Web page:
Introducing himself as a "proud member and active participant at the University of Minnesota's Hillel house," two-time Pulitzer Prize-winning journalist Tom Friedman warned a packed room of Hillel professionals, university faculty and administrators and Jewish communal leaders that the world's reliance on fossil fuels "is not your parents' energy crisis" and encouraged them to press their universities to develop new technologies to combat this global concern. Friedman, a columnist on world affairs for The New York Times, was the keynote speaker at the first Hillel Summit on the University and the Jewish Community, held earlier this week in Washington, D.C.
After sharing that he has "always had a real soft spot for Hillel," Friedman spoke with the more than 600 Summit attendees about his current area of focus -- energy. Noting the rising influence of populous nations like China and India, he underscored the need to find alternatives to fossil fuels and the emergence of green technology as "the new industry of the 21st century."
"The energy question is the key to inspiring a new generation of Americans to study math and science," Friedman said.
And while many talk about a fear that America will no longer set the pace for the modern economy, Friedman said he was encouraged during visits to home-grown labs and forward-thinking universities around the country while doing research for the updated edition of his best-selling book "The World is Flat."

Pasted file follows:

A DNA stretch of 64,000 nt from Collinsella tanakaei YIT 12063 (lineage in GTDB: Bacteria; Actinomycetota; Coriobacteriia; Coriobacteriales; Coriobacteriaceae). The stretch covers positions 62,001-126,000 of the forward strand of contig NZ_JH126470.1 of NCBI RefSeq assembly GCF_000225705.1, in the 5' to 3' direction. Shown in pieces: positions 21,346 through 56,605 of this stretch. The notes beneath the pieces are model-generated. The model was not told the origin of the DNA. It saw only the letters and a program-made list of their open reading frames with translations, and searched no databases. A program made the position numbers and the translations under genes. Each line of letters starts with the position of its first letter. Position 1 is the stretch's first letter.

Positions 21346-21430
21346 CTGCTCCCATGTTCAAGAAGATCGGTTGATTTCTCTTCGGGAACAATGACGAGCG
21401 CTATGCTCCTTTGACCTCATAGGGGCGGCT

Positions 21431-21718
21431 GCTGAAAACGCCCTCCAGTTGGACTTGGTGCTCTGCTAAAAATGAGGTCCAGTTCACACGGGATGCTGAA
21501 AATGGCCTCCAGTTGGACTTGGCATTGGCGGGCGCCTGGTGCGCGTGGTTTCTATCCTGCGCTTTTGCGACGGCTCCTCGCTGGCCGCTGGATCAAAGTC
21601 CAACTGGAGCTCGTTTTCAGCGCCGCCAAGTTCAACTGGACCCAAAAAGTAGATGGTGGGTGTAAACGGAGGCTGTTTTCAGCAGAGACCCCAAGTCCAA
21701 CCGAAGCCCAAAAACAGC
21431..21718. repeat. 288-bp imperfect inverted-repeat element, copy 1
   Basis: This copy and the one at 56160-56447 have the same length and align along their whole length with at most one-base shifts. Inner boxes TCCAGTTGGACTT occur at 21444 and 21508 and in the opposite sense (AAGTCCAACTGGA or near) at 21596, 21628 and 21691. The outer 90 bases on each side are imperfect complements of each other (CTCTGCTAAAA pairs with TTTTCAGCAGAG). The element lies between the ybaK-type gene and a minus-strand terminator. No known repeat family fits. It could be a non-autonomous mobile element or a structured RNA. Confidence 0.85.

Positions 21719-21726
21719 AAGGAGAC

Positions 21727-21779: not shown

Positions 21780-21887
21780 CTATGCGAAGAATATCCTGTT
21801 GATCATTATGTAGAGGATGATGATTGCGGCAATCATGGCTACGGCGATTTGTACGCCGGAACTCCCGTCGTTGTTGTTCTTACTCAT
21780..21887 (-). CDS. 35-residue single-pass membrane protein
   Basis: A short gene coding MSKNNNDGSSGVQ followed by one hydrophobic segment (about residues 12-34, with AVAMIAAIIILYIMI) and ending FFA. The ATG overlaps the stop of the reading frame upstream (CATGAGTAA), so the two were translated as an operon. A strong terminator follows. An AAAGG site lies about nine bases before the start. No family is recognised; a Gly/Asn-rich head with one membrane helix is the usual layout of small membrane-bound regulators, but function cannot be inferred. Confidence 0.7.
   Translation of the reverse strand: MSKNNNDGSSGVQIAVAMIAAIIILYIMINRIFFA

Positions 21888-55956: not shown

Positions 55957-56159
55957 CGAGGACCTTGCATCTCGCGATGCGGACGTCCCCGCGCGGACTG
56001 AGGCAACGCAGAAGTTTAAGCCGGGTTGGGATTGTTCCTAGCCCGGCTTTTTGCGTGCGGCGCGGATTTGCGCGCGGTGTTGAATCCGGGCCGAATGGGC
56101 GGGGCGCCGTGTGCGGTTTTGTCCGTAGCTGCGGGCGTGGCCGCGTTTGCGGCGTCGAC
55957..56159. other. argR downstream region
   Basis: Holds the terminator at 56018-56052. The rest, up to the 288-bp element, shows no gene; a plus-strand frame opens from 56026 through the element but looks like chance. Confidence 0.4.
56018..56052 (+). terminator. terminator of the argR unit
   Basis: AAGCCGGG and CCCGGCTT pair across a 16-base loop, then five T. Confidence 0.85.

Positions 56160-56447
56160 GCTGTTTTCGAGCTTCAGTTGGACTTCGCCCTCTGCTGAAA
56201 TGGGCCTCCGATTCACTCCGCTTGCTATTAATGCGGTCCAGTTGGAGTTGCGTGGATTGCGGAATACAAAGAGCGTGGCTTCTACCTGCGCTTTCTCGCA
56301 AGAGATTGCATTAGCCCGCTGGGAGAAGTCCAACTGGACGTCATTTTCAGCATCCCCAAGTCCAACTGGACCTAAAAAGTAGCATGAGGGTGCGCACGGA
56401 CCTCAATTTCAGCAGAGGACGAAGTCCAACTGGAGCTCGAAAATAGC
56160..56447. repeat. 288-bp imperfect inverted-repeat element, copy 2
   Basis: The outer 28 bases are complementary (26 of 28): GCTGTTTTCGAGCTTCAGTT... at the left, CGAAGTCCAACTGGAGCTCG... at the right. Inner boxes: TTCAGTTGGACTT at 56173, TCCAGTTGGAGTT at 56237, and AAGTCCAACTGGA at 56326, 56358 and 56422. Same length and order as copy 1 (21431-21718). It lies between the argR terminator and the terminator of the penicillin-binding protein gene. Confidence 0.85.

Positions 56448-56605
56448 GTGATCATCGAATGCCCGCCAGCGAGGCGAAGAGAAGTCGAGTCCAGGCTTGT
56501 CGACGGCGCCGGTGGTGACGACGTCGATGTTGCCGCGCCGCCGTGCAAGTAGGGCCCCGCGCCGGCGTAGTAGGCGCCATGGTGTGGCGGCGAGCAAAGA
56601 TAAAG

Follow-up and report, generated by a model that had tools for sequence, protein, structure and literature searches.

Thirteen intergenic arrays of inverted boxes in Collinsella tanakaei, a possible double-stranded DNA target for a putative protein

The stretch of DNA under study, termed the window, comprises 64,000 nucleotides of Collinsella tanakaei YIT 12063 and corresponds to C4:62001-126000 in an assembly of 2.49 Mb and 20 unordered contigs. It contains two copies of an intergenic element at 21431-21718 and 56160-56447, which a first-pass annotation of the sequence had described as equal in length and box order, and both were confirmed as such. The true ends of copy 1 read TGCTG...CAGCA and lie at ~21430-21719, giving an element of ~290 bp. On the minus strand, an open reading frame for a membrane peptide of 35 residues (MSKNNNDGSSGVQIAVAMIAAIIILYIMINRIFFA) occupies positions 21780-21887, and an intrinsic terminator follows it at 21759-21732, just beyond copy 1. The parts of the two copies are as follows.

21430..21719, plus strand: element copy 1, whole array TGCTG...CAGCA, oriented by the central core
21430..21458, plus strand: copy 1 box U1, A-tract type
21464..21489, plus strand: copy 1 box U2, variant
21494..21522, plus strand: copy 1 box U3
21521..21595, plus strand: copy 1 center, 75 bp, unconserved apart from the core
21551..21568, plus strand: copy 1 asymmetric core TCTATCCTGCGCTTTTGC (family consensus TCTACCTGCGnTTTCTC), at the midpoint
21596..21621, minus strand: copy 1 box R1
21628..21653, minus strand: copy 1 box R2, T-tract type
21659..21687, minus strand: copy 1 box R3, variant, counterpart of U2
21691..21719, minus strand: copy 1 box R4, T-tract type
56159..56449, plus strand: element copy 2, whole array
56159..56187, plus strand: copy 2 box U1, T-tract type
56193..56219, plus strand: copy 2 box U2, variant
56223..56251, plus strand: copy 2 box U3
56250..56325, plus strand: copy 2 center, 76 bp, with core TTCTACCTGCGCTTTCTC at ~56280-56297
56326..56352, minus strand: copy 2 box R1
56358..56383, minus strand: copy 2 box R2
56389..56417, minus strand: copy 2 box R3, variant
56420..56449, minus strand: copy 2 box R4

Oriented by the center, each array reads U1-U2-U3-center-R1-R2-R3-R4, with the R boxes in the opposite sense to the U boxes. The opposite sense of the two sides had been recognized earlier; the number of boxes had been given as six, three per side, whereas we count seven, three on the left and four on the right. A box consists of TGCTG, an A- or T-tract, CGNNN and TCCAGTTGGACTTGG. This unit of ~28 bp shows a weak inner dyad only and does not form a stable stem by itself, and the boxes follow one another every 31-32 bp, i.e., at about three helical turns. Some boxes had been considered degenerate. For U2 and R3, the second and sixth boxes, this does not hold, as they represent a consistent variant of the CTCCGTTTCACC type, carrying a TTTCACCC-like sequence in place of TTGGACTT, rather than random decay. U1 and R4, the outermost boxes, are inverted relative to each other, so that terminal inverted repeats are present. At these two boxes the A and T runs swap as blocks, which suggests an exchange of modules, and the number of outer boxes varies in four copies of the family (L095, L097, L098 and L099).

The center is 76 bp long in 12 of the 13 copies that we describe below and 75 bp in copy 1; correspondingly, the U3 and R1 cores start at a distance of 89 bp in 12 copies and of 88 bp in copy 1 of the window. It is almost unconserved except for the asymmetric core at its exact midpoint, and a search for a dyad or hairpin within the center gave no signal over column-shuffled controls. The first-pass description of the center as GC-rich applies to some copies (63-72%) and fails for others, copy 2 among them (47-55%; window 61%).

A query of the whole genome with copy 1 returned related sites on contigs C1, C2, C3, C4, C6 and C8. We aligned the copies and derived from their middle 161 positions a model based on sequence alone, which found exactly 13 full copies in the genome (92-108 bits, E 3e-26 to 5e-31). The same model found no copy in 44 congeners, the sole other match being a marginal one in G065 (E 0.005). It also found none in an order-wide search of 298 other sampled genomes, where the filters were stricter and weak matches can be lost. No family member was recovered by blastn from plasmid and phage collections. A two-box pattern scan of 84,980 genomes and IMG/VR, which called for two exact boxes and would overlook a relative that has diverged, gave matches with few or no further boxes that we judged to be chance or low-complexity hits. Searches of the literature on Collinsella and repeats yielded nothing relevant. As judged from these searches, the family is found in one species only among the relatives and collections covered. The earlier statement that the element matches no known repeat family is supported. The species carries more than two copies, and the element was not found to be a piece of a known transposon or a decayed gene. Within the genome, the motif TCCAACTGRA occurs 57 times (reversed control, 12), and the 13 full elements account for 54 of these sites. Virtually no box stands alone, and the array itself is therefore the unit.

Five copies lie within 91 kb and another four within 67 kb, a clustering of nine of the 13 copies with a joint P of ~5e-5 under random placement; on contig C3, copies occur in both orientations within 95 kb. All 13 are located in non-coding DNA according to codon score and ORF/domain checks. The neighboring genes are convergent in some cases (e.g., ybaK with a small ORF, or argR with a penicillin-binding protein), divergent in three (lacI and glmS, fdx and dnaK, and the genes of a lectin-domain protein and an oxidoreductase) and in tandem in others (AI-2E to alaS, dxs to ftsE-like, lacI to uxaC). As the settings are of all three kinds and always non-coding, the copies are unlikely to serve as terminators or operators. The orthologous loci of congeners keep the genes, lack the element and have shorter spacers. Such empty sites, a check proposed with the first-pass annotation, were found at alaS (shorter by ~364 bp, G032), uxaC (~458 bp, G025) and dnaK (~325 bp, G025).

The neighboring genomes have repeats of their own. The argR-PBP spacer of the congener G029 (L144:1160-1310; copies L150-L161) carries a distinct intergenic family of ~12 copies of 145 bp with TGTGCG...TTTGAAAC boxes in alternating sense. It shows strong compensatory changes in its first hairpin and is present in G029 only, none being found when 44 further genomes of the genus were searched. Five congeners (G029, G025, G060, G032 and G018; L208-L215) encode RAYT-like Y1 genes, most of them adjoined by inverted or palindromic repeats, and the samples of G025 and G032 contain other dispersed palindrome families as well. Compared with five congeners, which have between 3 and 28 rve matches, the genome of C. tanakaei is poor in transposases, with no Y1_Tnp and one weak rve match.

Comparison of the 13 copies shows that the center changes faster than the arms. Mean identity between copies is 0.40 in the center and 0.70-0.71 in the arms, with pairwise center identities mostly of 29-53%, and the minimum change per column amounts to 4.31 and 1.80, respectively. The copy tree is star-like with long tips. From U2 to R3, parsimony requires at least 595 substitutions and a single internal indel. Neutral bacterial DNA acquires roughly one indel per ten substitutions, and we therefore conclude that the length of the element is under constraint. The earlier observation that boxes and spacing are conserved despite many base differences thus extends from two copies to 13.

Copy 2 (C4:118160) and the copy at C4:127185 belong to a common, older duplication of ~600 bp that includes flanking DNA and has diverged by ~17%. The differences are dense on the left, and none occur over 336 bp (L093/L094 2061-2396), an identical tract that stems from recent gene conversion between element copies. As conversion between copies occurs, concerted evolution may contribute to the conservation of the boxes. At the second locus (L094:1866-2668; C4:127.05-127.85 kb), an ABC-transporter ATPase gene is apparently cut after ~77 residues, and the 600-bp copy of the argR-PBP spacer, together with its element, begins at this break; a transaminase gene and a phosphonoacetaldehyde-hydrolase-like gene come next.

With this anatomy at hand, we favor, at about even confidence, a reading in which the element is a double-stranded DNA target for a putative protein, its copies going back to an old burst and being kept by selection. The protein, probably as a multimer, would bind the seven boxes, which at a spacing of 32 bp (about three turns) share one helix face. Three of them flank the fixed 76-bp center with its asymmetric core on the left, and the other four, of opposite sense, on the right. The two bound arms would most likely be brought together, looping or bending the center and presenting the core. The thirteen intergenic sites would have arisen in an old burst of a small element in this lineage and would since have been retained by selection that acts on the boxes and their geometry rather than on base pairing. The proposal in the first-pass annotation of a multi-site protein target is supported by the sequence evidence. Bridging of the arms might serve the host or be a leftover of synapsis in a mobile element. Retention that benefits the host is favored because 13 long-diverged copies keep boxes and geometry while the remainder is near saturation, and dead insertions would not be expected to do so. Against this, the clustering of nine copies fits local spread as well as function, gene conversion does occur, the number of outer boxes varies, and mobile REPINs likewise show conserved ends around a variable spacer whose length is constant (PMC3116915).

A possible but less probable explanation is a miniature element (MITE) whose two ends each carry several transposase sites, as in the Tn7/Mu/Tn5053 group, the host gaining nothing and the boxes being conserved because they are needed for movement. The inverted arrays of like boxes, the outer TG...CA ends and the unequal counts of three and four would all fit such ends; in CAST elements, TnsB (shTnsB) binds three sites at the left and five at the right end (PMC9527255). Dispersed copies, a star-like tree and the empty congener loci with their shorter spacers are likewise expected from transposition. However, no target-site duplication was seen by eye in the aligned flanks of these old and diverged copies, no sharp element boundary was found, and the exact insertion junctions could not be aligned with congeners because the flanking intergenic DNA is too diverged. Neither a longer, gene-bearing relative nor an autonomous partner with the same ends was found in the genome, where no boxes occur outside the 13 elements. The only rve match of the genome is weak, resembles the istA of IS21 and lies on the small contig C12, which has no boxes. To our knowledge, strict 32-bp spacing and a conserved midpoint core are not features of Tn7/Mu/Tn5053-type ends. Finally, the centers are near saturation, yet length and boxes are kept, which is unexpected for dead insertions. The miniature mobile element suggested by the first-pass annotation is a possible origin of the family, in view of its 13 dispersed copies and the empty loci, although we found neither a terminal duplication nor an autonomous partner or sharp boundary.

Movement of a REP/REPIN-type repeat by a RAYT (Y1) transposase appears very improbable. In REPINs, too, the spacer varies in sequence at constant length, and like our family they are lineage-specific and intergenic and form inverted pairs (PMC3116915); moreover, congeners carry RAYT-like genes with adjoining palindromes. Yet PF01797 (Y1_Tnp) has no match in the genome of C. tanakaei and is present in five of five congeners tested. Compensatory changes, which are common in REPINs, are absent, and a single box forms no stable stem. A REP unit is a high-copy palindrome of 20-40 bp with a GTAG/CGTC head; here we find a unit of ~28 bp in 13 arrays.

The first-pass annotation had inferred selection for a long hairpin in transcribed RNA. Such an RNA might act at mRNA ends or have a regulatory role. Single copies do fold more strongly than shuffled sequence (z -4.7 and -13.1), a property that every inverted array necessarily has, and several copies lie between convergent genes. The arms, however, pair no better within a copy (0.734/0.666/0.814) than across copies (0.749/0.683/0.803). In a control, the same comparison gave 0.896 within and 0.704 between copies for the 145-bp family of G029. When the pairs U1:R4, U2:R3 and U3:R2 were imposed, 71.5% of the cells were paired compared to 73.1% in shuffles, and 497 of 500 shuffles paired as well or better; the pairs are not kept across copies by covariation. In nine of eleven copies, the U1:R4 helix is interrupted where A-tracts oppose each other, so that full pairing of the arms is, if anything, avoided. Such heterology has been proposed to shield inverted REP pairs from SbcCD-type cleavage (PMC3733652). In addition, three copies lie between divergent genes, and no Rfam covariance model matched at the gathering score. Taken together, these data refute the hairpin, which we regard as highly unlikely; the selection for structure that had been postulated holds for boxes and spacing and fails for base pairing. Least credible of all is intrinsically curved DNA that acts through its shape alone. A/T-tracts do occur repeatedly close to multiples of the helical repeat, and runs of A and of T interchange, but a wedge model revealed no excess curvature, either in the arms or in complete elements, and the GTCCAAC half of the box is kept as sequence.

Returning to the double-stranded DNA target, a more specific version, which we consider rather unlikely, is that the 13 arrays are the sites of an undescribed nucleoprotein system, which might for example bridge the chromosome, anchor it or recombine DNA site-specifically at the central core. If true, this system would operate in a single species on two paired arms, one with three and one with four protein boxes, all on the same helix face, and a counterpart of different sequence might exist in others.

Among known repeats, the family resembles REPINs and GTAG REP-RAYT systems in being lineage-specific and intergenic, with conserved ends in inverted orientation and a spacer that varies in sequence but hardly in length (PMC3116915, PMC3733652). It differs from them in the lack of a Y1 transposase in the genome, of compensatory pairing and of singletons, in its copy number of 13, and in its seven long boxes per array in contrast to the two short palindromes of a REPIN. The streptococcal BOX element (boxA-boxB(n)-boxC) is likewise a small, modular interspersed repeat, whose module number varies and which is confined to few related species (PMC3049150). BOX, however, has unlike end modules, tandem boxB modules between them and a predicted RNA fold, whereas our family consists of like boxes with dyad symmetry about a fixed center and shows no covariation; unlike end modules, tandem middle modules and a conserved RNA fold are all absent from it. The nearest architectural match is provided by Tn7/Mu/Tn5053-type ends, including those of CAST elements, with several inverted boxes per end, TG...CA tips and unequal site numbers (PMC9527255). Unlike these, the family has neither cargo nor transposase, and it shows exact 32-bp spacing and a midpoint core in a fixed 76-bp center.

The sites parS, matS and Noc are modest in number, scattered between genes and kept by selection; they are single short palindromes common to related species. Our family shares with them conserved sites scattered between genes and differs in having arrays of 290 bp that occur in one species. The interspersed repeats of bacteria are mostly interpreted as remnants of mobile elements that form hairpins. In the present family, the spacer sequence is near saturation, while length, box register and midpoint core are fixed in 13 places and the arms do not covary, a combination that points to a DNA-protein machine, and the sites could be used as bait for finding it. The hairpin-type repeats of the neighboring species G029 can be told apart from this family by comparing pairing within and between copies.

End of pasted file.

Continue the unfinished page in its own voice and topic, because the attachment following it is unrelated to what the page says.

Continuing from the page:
"We have this incredibly open, competitive economy still," he said. "I'm not quite ready to cede the 21st century to China, but we also must not assume that we will dominate it by default.
"Your job is to invent the future. We will or will not dominate the 21st century depending on our ability to maximize your ability" to support outstanding students and the innovative ideas and technologies they will develop, he added. He recognized a recent conservation campaign at Williams College as an example, in which students and faculty were urged to "do it in the dark" and reduce their energy consumption with a campus-wide competition.
Oil-rich countries, Friedman observed, "use their money to drill oil and not drill people and unlock their educational and entrepreneurial talent." The United States can help maintain its edge by continuing to promote innovative thinking and research projects throughout the academic and industrial communities.
Friedman also appealed to the audience to help him meet his goal of redefining the meaning behind the term green from "liberal, unpatriotic tree-huggers" to a patriotic response to a new global reality.
"Green is the new red, white and blue," he declared.